Native toUganda
RegionTeso District
EthnicityKumam people
Native speakers
270,000 (2014 census)[1]
Language codes
ISO 639-3kdi

Kumam is a language of the Southern Lwoo group[3] spoken by the Kumam people of Uganda. It is estimated that the Kumam dialect has 82 percent lexical similarity with the Acholi dialect, 81 percent with the Lango dialect.[4]



Bilabial Alveolar Palatal Velar
Stop voiceless p t c k
voiced b d ɟ g
Fricative (f)[1] (s)[1]
Lateral l
Trill r
Nasal m n ɲ ŋ
Semivowel w j
  1. ^ a b Fricatives occur only in borrowed words.

Gemination can occur due to morphological processes, for example del 'skin' + -nádellá 'my skin'.[3]


Kumam has ten vowels, with a vowel harmony system based on presence or absence of advanced tongue root (ATR).[3]

[-ATR] [+ATR]
Front Back Front Back
Close ɪ i u
Mid ɛ ɔ e o
Open a ɑ

Vowels have no distinction in length, except due to some morphological processes, for instance compensatory lengthening that occurs when applying the transitive infinitive suffix -nɔ: ted- 'cook' + -ne → *ted-do → teedo 'to cook'.[3]


There exist six tones: low, high, falling, rising, downstep high and double downstep high.[3]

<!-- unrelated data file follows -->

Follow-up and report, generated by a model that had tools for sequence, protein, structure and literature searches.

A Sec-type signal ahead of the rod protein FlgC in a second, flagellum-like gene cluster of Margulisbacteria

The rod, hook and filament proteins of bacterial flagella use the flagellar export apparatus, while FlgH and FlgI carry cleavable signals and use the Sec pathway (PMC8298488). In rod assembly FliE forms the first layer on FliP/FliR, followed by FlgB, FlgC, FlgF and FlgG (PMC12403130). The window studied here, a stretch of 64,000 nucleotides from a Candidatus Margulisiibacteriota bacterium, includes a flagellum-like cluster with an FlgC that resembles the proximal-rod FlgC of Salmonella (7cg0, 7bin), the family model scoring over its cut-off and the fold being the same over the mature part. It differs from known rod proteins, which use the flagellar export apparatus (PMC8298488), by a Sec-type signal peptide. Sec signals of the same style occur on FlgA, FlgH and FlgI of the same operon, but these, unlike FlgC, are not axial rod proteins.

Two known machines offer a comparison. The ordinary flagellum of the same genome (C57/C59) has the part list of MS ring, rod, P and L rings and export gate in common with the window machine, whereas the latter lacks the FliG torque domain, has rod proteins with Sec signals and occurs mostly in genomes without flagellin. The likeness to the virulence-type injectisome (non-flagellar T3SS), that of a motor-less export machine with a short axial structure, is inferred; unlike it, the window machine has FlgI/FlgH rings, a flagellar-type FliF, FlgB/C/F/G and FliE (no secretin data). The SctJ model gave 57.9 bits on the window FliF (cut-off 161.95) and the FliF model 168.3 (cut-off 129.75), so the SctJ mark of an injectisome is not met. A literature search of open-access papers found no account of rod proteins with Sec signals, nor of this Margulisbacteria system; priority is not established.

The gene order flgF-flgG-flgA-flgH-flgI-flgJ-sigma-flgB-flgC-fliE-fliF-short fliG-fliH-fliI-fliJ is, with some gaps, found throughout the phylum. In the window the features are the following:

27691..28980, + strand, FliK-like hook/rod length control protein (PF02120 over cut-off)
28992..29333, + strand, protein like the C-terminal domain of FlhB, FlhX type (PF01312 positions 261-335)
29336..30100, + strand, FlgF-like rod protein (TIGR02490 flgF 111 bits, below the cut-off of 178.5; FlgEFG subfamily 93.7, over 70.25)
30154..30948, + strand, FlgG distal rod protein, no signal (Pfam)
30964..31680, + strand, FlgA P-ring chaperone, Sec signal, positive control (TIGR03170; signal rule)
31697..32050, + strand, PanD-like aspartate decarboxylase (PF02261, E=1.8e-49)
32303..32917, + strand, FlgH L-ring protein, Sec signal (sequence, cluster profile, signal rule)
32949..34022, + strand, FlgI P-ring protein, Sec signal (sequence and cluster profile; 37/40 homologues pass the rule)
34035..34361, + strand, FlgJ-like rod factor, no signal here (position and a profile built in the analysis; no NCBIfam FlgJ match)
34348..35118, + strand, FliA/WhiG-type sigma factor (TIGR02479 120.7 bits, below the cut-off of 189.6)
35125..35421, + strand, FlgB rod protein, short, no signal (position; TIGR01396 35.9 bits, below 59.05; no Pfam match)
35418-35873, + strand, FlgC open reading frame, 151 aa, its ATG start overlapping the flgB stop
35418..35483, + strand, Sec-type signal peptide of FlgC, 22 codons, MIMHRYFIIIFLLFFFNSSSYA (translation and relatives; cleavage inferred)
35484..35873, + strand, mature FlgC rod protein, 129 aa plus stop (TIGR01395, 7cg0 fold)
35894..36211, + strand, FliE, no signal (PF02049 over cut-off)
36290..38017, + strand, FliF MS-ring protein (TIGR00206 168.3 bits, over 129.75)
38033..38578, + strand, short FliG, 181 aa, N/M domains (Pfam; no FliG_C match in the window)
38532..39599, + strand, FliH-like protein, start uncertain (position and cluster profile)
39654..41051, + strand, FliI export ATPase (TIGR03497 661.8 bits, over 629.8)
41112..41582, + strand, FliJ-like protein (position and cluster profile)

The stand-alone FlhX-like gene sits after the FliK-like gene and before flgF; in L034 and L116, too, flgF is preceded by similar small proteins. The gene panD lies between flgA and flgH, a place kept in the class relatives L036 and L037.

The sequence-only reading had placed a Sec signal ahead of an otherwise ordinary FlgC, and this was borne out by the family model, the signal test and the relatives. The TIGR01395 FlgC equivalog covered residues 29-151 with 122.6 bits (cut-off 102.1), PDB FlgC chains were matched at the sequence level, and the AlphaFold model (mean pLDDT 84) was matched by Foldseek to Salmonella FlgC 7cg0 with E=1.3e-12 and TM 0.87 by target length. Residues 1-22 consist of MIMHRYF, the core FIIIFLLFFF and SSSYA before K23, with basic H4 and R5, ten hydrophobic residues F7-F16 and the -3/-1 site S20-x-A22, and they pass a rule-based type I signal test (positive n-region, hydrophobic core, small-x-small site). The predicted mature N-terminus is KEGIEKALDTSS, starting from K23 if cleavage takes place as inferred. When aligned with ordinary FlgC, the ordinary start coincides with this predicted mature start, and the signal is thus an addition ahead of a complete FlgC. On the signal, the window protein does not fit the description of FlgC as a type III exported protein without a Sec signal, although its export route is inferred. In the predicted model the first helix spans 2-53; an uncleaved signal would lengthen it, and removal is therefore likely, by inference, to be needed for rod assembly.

Tone Transcription
low [à]
high [á]
falling [â]
rising [ǎ]
downstep high [!á]
double downstep high [!!á]

Tone sandhi

Kumam exhibits tone sandhi in two ways. The first is the spreading of high tonemes rightwards to the following words beginning with a low tonemes, as in ɑbúké 'eyelash' + waŋ 'eye' → abúké wâŋ 'eyelash'. The second is when a floating high toneme is followed by a word beginning in a low toneme, where the floating tone is assigned to the following word and not the word bearing the floating tone: cogó 'bone' + rac 'bad' → cogo râc 'The bone is bad.'[3]




Transitive stems are constructed by applying the suffix -ɔ (yɛŋ 'be satisfied' → yɛŋ-ɔ 'satisfy'). A subset of transitive verbs can have the suffix -ɛ́rɛ́ applied to form what Hieda calls a 'middle form' (nɛ́n-ɔnɛ́!nɛ́rɛ́ 'be seen').[3]

Basic lexicon

Hello – yoga
How are you? –Itiye benyo (singular), Itiyenu benyo (plural)
Fine, and you? – Atiye ber, arai bon yin?
Fine – Atiye ber or just ber
What is your name? – Nying in en Ngai?
My name is ... – Nying ango en ...
Name --- Nying
Nice to see you. --- Apwoyo Neno in (also: Apwoyo Neno wun)
See you again --- Oneno bobo
Book – Itabo
Because – Pi Ento

The first sentence in the bible can be translated as I ya gege, Rubanga ocweo wi polo kede piny ("In the beginning God made the heaven and the earth" ).


  1. ^ Kumam at Ethnologue (22nd ed., 2019) Closed access icon
  2. ^ Hammarström, Harald; Forkel, Robert; Haspelmath, Martin; Bank, Sebastian (2023-07-10). "Glottolog 4.8 - Southern Lwoo". Glottolog. Leipzig: Max Planck Institute for Evolutionary Anthropology. doi:10.5281/zenodo.7398962. Archived from the original on 2023-11-21. Retrieved 2023-11-20.
  3. ^ a b c d e f g Hieda, Osamu (2020). "Kumam". The Oxford Handbook of African Languages: 611–629. doi:10.1093/oxfordhb/9780199609895.001.0001.
  4. ^ "Kumam". Ethnologue. Retrieved 2020-09-28.